What Asian Americans are currently experiencing as a result of the COVID-19 pandemic brought back vivid memories of my teenage years when anti-immigrant sentiment reached a peak in Arizona. After the passing of SB1070, people within the Hispanic community were genuinely afraid for both their futures and personal safety. Many chose to take to the streets to fight for immigration reform, but others hid away in silence out of fear. It was a fear of deportation, a fear of violence, and a fear of only further provoking a system that has already labeled you as the problem. My experience of living between these two polarized worlds has profoundly shaped who I am today, but also taught me what it feels like to be silenced or left unheard. 

I call upon everyone who is not a member of the Asian American community to do their part this upcoming AAPI Heritage Month. It is time we collectively amplify the voices of all Asian Americans, regardless of background, during such a dark time in our nation’s history. It’s time to educate ourselves on the Asian American experience and to support our Asian friends, communities, and local businesses. It’s time to tell our Asian American friends that we see them, hear them, and care for them. If we continue to interpret these hate crimes as momentary tragedies or isolated incidents, we will never acknowledge the root issue that has caused Asian Americans so much pain. To be defined by your otherness is to be misunderstood, and the Asian American community has struggled to rally the needed support in its fight for social change.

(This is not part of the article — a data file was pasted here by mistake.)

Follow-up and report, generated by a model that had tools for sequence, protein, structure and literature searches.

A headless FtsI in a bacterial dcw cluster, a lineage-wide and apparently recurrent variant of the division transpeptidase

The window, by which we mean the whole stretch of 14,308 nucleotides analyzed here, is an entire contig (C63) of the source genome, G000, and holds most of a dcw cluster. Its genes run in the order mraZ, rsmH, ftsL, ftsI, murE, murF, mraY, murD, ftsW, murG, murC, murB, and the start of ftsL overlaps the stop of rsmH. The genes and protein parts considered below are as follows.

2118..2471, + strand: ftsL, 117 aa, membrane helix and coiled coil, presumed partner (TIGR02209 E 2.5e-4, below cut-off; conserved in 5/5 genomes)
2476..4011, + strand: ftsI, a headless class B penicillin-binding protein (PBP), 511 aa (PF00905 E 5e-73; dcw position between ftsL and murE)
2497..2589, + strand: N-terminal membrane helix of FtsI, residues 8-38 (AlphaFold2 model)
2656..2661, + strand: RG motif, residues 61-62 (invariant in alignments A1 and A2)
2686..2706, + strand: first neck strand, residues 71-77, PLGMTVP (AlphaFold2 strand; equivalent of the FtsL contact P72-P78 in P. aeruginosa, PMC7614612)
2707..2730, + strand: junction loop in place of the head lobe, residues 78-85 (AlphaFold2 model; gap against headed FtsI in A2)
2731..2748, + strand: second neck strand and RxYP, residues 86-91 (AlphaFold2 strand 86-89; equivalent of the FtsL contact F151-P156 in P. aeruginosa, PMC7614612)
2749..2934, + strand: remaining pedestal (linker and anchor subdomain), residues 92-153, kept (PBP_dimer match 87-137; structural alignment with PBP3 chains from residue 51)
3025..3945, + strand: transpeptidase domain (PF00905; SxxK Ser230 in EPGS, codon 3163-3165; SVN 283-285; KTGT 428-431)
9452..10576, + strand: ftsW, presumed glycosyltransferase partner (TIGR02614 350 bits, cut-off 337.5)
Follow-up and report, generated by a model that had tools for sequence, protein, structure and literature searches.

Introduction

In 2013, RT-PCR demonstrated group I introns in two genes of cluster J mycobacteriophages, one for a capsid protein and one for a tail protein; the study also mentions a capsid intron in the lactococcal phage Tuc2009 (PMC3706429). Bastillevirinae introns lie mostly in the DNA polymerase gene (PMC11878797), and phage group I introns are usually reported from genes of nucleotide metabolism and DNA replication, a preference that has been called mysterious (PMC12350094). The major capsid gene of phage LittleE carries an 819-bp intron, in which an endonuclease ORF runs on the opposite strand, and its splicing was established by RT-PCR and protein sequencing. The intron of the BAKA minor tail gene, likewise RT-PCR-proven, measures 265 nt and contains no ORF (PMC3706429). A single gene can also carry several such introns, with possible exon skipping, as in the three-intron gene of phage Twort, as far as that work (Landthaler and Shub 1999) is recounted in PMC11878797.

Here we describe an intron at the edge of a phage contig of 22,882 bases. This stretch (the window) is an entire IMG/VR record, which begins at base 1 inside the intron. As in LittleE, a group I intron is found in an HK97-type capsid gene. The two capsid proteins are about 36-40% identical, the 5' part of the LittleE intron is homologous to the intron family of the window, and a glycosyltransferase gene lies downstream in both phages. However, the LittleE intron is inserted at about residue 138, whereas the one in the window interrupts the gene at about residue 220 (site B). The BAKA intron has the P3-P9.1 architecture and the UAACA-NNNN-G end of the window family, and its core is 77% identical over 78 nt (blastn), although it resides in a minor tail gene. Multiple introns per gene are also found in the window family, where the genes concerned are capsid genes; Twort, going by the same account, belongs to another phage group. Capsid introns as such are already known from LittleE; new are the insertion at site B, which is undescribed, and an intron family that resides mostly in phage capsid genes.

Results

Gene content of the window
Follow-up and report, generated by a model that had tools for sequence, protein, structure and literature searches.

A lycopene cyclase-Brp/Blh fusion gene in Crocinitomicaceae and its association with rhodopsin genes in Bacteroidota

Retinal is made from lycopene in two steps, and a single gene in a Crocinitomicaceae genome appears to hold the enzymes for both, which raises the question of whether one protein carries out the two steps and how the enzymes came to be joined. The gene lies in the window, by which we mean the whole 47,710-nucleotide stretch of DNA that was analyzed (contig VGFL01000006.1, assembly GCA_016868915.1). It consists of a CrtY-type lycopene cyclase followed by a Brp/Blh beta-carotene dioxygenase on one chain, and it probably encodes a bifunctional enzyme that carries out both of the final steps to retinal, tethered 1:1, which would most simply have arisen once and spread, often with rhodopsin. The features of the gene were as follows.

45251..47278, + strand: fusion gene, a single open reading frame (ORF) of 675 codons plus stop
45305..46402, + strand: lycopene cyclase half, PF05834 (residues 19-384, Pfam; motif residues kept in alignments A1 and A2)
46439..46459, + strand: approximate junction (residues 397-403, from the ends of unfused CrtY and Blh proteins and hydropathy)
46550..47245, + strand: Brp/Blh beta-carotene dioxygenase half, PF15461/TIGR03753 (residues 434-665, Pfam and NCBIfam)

As we’ve witnessed in many civil rights movements over the past century, there is true strength in numbers. However, the Asian American community has historically lacked the helping hand of its fellow minorities and constantly faces the danger of history repeating itself. There is no “model minority” in America because we are more than just minorities. It’s time to speak up but to also listen. It’s time to forget otherness and promote openness. It’s time to stop scapegoating and ask yourself why a certain group makes you feel a particular way. The problem doesn’t necessarily lie solely in them, but rather within yourself. #StopAsianHate.



Staff Notes:

If you are unfamiliar with the complex issues that AAPI community faces, we highly recommend We Need to Talk About Anti-Asian Hate by Try Guys. In this video, YouTuber celebrity, Eugene Lee Yang, led an in-depth conversation about the complex, often untold history of the Asian American community, the unique struggles they face, and find out how you can help.


About the Writer

Sylvio Martins is a writer, blogger, editor, and actor based in Los Angeles, CA. After graduating from UCLA with a B.A. in English, he decided to pursue his creative endeavors full-time. Besides his work on-screen, Sylvio writes on a variety of lifestyle beats, as well as providing social commentary on current events and cultural trends. He now produces his own blog, Amalgam, which launched in April of 2020. 

When he’s not writing, he enjoys cooking, binging Netflix, foreign films, and calling random friends to catch up at random hours of the day.


Profile picture sourced from iStock.